AdamsMorioka (hey it's my blog), UCLA Extension Summer

AdamsMorioka (hey it's my blog), UCLA Extension Summer

I’m sitting at Bob Hope Airport (Burbank), waiting for a flight. My post today is subsequently limited to what I have on my computer. Fortunately, I have a lecture that I give to my students about idea making. OK, yes, it could be dull. However, you can’t complain there was no educational value in the Burning Settlers Cabin.

Here is the problem: we experience the world in scenes. We watch scenes on television, we see them in life from eye level, and we see them in our mind when we listen to the radio or read a book. I realized this when I noticed a trend with my students. All of their solutions tended to be a depiction of a scene. If the assignment were a poster for “spring in Paris”, they would return with solutions of people sitting at tables with the Eiffel Tower behind them. But this is boring. This is what most movie posters are.

Lou Danziger taught me about the “fused metaphor”. This formula can be used when designing that combines symbol A with symbol B to produce a new result. This is my process: I make a list of every symbol, for example, Summer in Los Angeles: summer; sun, beach, beach umbrella, swimming pool; Los Angeles; freeway, oranges,  palm tree, etc. and then combine the symbols. What happens if you combine a freeway with the sun, or an orange and the beach? The solution is a combination of symbols that have more resonance than a scene of people sitting on Venice Beach.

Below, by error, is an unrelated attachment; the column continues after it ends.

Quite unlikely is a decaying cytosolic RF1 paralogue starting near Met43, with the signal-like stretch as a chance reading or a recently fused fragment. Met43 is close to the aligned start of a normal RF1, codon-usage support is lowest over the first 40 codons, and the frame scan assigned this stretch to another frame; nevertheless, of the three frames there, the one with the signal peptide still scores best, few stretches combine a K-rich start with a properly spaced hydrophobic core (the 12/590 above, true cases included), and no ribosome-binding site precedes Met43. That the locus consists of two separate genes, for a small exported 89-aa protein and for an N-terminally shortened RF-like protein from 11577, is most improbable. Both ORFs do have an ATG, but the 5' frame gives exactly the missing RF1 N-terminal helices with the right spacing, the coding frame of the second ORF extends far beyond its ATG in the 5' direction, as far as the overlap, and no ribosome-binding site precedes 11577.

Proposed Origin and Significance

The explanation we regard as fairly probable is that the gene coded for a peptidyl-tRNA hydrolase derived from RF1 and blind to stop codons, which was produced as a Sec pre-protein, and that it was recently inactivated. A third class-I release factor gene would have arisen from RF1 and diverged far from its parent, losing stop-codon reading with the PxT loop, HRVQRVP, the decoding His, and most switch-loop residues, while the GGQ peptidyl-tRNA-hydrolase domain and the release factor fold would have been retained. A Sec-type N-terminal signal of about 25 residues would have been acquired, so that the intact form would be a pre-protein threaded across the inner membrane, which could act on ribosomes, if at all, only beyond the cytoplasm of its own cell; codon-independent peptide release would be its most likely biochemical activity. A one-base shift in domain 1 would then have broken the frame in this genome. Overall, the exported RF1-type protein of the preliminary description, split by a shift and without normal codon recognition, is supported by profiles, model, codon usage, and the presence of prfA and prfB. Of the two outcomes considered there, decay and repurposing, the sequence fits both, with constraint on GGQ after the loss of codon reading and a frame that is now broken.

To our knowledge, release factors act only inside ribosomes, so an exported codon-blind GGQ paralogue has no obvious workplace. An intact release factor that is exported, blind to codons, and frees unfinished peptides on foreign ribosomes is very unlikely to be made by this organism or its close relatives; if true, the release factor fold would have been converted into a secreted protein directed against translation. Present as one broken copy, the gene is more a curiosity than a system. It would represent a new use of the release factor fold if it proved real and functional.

Louis Danziger, American Paintings
Louis Danziger, American Paintings
Louis Danziger, The New York School
Louis Danziger, The New York School
Ivan Chermeyeff, War and Peace
Ivan Chermeyeff, War and Peace

Ivan Chermeyeff, Pepsi-Cola World
Ivan Chermeyeff, Pepsi-Cola World
Ivan Chermeyeff, Pepsi-Cola World
Ivan Chermeyeff, Pepsi-Cola World
George Nelson, The Misfits
George Nelson, The Misfits

George Lois, AIGA Paperbacks
George Lois, AIGA Paperbacks
Lou Dorfsman, CBS The Morning Show
Lou Dorfsman, CBS The Morning Show

Paul Rand, Origins of Modern Sculpture

Paul Rand, Origins of Modern Sculpture

Paul Rand, UCLA Extension Winter

Paul Rand, UCLA Extension Winter

Paul Rand, Modern Art in Your Life

Paul Rand, Modern Art in Your Life

The Ballad of the Sad Cows

Monday, December 21st, 2009

Douglaston_Steakhouse